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Hum Immunol. 2013 Aug;74(8):916-26. doi: 10.1016/j.humimm.2013.04.035. Epub 2013 Apr 29.

Activation of human natural killer cells by the novel innate immune modulator recombinant Eimeria antigen.

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Department of Microbiology and Molecular Genetics, College of Osteopathic Medicine, Michigan State University, East Lansing, MI 48824, USA.


The safe and effective activation of the innate and adaptive immune systems are crucial in the implementation of immunotherapeutic modalities for the prevention and treatment of human diseases. Eimeria antigen (EA) and its recombinantly expressed analog (rEA) are extremely effective activators of innate immunity in mice. The effects of rEA in the mouse are primarily mediated through the TLR11/12 MyD88 signaling system. Human cells lack functional TLR11 and TLR12, suggesting that rEA would not be effective in providing beneficial immune activation in humans. In the current report we provide definitive evidence that the treatment of human peripheral blood mononuclear cell (PBMC) cultures with rEA significantly up regulates CD69, CD107, NKG2D levels on NK cells. Furthermore, rEA stimulates human NK cell effector functions including increasing intracellular levels of IFN╬│ and Granzyme B. These responses are positively correlated with an improved capacity of rEA stimulated human PBMCs to kill NK cell-sensitive human K562 tumor cells. Importantly, rEA-triggered innate immune responses was not associated with increased pro-inflammatory cytokines and chemokines production. These data confirm a previously unidentified role for rEA in human immune cell activation, and suggests the utilization of rEA in immunotherapies against a variety of infectious diseases and cancers.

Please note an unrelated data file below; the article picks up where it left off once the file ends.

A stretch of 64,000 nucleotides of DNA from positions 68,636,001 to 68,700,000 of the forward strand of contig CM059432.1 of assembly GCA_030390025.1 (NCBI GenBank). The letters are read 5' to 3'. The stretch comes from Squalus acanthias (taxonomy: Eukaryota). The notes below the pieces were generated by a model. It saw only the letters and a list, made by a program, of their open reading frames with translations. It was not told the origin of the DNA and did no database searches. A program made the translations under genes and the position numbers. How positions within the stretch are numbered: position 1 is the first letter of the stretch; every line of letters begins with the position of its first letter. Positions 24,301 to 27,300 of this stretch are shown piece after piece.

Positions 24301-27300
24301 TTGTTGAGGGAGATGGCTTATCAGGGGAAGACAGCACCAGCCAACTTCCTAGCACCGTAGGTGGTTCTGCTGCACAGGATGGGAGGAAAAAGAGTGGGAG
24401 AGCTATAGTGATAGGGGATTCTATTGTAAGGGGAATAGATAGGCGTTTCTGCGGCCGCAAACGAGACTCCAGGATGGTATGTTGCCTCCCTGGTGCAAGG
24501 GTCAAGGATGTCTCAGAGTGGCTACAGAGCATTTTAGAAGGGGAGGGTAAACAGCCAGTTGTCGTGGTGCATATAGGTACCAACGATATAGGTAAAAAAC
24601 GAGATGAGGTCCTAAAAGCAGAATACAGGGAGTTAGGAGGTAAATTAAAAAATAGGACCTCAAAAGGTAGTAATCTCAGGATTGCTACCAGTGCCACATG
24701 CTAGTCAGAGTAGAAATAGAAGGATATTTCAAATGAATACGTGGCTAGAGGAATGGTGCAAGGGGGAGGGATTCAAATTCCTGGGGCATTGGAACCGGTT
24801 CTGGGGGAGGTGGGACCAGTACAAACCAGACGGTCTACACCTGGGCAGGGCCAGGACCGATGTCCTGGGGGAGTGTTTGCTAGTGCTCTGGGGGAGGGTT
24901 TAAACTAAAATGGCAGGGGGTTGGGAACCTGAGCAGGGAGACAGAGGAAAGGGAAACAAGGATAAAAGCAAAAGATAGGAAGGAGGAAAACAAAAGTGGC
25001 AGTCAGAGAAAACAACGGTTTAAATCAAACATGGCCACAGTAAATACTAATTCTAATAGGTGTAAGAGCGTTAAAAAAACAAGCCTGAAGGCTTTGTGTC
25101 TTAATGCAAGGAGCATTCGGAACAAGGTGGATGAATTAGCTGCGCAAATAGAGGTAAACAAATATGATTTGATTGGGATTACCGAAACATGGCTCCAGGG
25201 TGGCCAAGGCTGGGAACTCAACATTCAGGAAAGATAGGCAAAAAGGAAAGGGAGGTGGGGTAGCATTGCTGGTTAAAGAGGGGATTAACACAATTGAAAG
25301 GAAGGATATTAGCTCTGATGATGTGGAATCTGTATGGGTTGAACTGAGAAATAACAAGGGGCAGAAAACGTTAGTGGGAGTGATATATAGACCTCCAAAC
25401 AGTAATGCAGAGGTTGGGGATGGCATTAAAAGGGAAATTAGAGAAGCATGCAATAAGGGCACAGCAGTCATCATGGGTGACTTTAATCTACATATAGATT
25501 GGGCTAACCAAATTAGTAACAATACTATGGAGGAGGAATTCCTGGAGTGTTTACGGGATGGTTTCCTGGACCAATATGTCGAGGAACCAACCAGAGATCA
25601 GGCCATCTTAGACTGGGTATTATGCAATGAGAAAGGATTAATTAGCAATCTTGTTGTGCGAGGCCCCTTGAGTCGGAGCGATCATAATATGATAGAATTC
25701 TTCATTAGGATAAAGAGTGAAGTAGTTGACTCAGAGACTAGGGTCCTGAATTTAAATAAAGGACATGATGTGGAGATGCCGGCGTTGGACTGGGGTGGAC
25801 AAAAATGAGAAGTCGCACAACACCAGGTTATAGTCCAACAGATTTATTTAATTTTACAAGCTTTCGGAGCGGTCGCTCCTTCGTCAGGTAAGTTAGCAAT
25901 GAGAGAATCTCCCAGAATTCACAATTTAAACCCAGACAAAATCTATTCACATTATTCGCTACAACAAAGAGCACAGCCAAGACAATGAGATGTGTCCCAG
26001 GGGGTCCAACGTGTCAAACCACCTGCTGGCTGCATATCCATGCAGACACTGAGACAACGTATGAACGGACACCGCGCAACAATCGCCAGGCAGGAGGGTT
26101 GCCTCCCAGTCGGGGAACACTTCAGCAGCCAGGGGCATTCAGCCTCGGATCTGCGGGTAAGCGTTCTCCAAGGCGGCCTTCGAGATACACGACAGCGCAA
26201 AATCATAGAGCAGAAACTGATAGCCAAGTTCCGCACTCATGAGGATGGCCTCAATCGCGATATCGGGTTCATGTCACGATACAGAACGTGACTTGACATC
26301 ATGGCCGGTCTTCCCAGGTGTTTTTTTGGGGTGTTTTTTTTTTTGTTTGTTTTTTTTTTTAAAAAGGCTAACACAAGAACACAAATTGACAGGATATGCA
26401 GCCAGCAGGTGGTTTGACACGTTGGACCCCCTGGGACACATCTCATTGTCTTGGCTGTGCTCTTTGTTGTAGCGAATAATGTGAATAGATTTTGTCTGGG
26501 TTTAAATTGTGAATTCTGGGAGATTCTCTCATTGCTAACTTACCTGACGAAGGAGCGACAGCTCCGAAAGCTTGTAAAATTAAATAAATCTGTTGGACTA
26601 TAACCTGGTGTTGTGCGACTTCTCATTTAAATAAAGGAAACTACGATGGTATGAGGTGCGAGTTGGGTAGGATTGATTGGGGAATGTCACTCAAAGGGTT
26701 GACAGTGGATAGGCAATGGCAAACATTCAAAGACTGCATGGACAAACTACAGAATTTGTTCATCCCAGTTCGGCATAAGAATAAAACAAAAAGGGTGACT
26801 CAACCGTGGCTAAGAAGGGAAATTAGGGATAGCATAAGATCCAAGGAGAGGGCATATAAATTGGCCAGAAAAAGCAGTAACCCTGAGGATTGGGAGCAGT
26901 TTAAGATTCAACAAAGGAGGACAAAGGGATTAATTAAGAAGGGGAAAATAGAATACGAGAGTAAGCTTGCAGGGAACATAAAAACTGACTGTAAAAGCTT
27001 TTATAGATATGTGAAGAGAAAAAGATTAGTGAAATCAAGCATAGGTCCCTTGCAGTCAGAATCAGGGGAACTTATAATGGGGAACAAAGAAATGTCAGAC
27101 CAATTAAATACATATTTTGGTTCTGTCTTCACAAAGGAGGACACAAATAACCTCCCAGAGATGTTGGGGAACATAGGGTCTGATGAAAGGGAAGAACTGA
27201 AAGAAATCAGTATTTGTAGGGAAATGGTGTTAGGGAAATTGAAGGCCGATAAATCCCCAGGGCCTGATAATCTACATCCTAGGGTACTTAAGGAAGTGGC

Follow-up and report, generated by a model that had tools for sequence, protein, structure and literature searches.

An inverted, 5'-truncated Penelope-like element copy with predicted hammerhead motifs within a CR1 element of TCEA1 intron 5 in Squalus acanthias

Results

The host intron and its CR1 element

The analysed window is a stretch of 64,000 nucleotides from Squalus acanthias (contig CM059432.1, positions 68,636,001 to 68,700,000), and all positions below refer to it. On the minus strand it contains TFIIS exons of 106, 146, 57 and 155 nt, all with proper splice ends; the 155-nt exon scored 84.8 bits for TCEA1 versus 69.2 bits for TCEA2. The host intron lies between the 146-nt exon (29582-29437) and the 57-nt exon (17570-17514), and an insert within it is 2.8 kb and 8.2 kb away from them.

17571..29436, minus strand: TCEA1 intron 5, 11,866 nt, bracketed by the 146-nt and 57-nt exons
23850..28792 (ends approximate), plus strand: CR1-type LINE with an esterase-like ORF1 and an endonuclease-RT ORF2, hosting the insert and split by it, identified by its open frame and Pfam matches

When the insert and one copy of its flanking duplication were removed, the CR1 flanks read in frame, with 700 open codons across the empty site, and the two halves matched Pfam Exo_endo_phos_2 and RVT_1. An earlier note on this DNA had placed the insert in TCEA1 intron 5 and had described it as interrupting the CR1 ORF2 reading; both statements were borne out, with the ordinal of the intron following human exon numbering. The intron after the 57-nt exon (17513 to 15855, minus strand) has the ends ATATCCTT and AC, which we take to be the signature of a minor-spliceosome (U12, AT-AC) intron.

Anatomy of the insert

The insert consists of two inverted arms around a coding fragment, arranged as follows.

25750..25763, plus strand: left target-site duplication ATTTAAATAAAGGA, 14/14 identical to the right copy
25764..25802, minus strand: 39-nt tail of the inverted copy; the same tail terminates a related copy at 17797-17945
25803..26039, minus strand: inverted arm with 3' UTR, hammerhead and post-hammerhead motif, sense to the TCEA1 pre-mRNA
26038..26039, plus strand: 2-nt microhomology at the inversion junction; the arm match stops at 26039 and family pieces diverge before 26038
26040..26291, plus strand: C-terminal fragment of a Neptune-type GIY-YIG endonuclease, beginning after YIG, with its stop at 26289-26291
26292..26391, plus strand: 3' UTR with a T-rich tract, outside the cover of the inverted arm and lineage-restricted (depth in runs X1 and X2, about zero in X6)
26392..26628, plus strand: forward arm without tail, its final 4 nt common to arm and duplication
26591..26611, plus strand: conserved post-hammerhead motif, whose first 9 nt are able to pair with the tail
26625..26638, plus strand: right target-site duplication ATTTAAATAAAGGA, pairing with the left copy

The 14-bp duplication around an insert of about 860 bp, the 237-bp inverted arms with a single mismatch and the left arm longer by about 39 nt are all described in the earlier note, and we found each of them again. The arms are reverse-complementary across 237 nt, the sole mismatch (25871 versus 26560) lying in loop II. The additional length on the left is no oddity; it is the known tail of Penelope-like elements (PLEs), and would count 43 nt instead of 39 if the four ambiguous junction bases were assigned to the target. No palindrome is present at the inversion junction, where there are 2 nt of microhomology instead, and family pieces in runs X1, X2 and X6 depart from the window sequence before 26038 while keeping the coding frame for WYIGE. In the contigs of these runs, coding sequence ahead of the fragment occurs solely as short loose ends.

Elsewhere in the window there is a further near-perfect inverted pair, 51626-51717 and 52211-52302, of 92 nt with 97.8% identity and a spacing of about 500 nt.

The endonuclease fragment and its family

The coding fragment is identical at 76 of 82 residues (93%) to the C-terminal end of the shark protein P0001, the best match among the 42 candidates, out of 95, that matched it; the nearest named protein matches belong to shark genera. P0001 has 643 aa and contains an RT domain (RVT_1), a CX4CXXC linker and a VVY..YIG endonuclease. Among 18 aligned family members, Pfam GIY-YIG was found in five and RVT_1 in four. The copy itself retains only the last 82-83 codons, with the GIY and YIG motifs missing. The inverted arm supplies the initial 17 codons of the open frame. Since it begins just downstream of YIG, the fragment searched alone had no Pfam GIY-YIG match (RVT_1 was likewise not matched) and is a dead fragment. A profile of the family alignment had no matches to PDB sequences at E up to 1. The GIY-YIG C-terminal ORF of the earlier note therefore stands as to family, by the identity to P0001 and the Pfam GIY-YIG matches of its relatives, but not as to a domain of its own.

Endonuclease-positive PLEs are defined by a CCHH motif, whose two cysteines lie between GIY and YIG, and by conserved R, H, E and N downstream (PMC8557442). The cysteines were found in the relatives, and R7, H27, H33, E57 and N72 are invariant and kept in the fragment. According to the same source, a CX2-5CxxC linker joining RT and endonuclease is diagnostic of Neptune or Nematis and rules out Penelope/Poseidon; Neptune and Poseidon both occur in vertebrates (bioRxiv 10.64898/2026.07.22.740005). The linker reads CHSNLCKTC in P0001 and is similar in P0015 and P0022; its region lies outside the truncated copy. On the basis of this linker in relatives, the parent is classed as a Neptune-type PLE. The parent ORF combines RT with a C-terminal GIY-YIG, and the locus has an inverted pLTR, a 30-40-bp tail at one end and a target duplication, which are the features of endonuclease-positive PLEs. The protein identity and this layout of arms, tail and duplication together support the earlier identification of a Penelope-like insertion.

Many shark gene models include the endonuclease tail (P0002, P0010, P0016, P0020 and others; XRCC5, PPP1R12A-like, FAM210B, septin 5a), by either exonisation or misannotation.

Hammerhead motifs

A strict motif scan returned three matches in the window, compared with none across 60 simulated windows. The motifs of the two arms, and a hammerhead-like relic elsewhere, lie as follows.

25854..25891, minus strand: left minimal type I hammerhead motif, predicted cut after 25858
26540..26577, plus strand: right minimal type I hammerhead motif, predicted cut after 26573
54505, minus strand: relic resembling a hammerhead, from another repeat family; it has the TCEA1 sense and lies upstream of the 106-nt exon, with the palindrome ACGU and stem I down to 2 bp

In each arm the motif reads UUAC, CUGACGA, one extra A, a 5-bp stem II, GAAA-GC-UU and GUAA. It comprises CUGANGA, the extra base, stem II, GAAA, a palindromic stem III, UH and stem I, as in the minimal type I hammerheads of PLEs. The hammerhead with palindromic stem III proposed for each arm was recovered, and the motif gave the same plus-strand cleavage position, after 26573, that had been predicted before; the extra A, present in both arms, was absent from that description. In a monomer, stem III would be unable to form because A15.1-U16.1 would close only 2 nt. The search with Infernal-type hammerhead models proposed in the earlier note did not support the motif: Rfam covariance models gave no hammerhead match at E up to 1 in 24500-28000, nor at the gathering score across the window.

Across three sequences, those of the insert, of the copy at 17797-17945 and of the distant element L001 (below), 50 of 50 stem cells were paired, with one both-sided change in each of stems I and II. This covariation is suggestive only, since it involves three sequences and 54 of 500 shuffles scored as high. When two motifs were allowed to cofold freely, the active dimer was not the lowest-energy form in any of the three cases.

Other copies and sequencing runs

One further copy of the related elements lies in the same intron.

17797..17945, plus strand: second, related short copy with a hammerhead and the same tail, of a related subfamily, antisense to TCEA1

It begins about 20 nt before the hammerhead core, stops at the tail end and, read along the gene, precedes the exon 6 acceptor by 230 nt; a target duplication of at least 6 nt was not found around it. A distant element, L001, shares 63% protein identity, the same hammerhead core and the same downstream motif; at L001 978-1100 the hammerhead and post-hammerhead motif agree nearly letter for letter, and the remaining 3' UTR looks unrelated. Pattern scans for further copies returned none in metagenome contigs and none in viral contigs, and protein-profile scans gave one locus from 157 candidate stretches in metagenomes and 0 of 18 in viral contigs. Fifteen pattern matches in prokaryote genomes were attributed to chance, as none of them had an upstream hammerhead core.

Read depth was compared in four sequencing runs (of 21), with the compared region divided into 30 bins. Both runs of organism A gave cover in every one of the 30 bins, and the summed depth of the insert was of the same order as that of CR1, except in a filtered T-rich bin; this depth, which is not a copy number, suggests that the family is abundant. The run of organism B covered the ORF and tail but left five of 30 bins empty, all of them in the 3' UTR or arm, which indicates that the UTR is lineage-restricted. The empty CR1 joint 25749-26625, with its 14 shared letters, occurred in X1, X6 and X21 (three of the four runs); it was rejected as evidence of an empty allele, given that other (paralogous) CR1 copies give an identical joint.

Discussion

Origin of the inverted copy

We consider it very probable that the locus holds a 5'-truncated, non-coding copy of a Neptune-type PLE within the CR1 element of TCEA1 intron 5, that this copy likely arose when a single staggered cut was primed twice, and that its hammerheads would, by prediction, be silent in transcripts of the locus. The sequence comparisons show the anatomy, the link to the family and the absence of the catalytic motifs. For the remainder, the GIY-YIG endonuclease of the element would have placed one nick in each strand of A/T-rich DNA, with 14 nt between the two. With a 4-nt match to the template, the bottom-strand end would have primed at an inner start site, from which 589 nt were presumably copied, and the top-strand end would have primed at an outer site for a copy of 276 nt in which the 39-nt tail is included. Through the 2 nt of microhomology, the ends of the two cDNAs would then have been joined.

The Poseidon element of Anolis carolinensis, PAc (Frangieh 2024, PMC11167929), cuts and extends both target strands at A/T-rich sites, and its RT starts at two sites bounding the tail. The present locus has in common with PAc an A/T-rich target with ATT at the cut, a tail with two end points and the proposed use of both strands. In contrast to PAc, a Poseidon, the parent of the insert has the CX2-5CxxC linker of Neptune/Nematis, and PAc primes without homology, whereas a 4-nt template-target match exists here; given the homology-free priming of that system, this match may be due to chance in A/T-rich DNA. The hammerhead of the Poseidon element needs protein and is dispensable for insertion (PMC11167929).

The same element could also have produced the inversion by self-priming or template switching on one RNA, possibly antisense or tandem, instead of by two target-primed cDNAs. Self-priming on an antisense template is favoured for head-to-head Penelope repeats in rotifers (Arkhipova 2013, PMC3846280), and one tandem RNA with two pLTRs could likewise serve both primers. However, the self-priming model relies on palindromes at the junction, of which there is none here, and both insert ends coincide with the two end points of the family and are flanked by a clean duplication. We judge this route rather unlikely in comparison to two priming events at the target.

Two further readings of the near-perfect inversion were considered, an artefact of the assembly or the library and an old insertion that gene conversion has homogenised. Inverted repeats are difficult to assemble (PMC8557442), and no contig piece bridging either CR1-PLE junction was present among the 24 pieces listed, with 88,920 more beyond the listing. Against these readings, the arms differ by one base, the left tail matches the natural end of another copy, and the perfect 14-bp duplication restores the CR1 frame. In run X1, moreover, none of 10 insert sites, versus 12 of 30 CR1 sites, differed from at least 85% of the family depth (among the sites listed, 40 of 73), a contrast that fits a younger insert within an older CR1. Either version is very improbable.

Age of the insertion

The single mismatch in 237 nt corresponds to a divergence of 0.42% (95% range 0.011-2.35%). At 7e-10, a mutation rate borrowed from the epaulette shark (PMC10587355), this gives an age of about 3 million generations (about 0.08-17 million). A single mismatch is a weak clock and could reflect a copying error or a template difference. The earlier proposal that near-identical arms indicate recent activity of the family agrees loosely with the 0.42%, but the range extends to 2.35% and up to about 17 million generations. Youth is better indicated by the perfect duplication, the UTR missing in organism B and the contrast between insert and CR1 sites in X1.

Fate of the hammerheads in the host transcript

ADCC; CFSE; Carboxyfluorescein Succinimidyl Ester; EA; Eimeria antigen; FITC; LDH; MFI; PI; antibody dependent cell-mediated cytotoxicity; fluorescein isothiocyanate; lactate dehydrogenase; mean fluorescence intensity; propidium iodide; rEA; recombinant EA

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